Following a constructive information session in June, six of the country’s Local Enterprise Partnerships (LEPs) once again came together to hold a ministerial roundtable, allowing the South’s businesses to share their challenges during the current COVID-19 crisis with Paul Scully, the Small Business Minister, as well as hear directly from the Minister on what is being done to incentivise innovation, support start-ups and prioritise the green agenda.
On Tuesday 14th July, the six LEPs, collectively known as ‘Catalyst South’ – comprising the South East Local Enterprise Partnership (SELEP), Coast to Capital, Solent, Enterprise M3, Hertfordshire and Thames Valley Berkshire LEPs, which collectively produce almost 20% of the UK’s GDP – organised the roundtable discussion with Paul Scully MP, Minister for Small Business, to improve understanding among ministers of the needs of businesses in the South, as well as actions required to help stimulate the economy in the coming months.
The session has already been lauded as a highly productive roundtable, covering key issues for the South and providing an ideal forum for businesses to highlight their strengths, discuss the collective challenges they are currently facing, and ask the Minister directly how Government plans to support start-ups, sustainability and innovation in a post-COVID business landscape.
Representing Hertfordshire were Nitin Dahad, Hertfordshire LEP Board member and SME champion; Dianne Lee, Hertfordshire LEP Board member/DLRC Ltd; Briege Leahy, Hertfordshire Chamber of Commerce/Luna Logistics Ltd; David Flanders, Agrimetrics who spoke about how metrics can influence change in the agriculture sector; Glynn Williams, Silixa Ltd; Peter Livesey, Esprit Digital Ltd; Tommie Eaton, BambuuBrush who spoke about how to inspire people to switch to a sustainable product; Andrew Stevenson, Sustainable Pipeline Systems Ltd; and Tanya Curtis, Ryeharvest Ltd.
Small Business Minister Paul Scully said: “We have worked hand in hand with business leaders throughout this crisis to ensure we are delivering a wide-ranging package of support that works for everyone. As we look to rebuild our economy and bounce back from Coronavirus, it is vital we continue to work with networks across the UK like Local Enterprise Partnerships to ensure businesses get the support they need to recover.”
Christian Brodie, Chair of SELEP and of the Catalyst South group of LEPs, spoke to attendees about the strength of the region’s economy, with the roundtable discussion providing an ideal opportunity to showcase innovative businesses in the South and highlight how businesses are quickly adapting to the vastly changed business landscape. Businesses in attendance questioned the Small Business Minister on how Government plans on incentivising innovation at this critical time.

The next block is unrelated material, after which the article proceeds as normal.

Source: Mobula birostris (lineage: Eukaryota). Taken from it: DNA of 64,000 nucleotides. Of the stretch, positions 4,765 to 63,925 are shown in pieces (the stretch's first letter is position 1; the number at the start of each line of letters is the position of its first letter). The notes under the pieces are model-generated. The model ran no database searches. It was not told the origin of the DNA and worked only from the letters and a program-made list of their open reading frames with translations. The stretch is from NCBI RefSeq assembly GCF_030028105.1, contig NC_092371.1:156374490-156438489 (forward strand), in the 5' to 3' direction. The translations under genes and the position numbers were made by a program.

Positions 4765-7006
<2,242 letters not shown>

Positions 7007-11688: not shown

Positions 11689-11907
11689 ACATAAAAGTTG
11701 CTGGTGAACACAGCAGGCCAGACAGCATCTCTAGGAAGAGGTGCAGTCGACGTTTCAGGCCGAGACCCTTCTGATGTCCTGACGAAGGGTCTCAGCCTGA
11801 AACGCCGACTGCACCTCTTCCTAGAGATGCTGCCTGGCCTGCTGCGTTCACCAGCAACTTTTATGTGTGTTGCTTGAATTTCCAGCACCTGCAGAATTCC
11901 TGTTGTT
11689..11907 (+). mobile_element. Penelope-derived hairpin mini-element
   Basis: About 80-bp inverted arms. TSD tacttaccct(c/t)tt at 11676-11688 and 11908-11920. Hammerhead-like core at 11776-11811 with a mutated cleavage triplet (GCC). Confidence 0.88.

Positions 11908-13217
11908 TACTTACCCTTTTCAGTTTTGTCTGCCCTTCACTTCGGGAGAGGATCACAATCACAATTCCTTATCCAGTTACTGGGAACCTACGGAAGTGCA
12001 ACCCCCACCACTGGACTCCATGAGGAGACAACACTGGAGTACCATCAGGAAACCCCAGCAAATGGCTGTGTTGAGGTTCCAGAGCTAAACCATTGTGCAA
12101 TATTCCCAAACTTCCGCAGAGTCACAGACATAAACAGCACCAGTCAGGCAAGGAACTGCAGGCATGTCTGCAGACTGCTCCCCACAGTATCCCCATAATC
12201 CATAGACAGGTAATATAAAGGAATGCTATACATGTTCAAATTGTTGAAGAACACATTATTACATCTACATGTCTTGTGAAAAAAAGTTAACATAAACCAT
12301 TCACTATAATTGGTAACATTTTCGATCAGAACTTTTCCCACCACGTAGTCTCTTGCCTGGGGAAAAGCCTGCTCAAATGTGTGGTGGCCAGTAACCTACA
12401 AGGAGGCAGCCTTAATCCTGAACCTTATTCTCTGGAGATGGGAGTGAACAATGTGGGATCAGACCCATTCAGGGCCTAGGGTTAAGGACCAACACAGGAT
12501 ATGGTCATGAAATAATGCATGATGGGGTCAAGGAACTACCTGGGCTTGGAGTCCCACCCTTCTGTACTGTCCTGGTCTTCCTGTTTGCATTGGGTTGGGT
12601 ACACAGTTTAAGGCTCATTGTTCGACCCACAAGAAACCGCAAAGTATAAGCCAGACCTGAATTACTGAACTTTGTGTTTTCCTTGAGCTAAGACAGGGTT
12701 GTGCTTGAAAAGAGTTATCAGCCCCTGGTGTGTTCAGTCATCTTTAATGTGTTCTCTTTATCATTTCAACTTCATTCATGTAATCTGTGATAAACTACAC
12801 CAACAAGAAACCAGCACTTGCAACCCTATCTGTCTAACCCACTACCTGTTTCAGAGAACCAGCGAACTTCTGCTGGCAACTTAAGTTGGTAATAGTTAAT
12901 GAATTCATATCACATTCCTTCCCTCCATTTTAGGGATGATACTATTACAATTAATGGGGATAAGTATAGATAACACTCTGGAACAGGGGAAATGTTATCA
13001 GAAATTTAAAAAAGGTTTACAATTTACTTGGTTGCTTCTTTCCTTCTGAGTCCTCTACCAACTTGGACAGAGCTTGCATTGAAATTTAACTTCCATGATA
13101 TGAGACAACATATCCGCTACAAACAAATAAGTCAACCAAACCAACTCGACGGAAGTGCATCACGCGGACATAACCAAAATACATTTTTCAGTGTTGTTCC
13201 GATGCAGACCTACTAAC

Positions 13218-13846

Christian Brodie also spoke about starting up businesses and entrepreneurship in the current climate – an important topic for the region, which has a high number of entrepreneurs and small businesses – noting that people are still looking to start new businesses during this time, in some instances in response to growing demand for key industries, in others due to redundancies and people pursuing new opportunities.
In terms of the roles other businesses can play to create an environment of mutual support, the crucial business support work of the Growth Hubs was highlighted with a representative from Natwest covering how banks and other organisations are supporting the development of peer-to-peer networks alongside the local area Growth Hubs. Businesses also discussed how greater scale-up activity can be stimulated in the area – supporting those businesses with the best potential to grow, how greater diversity can be supported within the start-up community, and how start-ups can access financing options.
Lastly, the session covered the opportunity of ‘green recovery’ – namely, how the current crisis can be regarded as an opportunity to foster change and boost growth of sustainable services, renewable energy and low carbon innovation. Businesses asked the Minister what incentives Government can provide to encourage greener working practices with the aim of reducing carbon footprints.
Christian Brodie, Chair of Catalyst South and South East Local Enterprise Partnership said: “These roundtables mark a new relationship between business and Government with LEPs playing a crucial role in bringing the two together. It is vital for Ministers to hear directly of on-the-ground experiences of businesses and we have had great, constructive discussion where we are being listened to.
“The Catalyst South region has so many businesses who are taking new opportunities; some are fighting to survive and looking to diversify into new areas, and we need to support them to do this in the best, most sustainable way possible.”
Catalyst South have agreed to undertake a series of ‘ideas-labs’ sessions with businesses to look at specific sectors or themes including R&D, trade - import/ export, digital infrastructure and capability, and aviation, hospitality, leisure and culture. These would be smaller sessions where more dialogue can take place and the aim is to position the LEPs as a resource of business views and perspectives which can and should be utilised by government to best effect.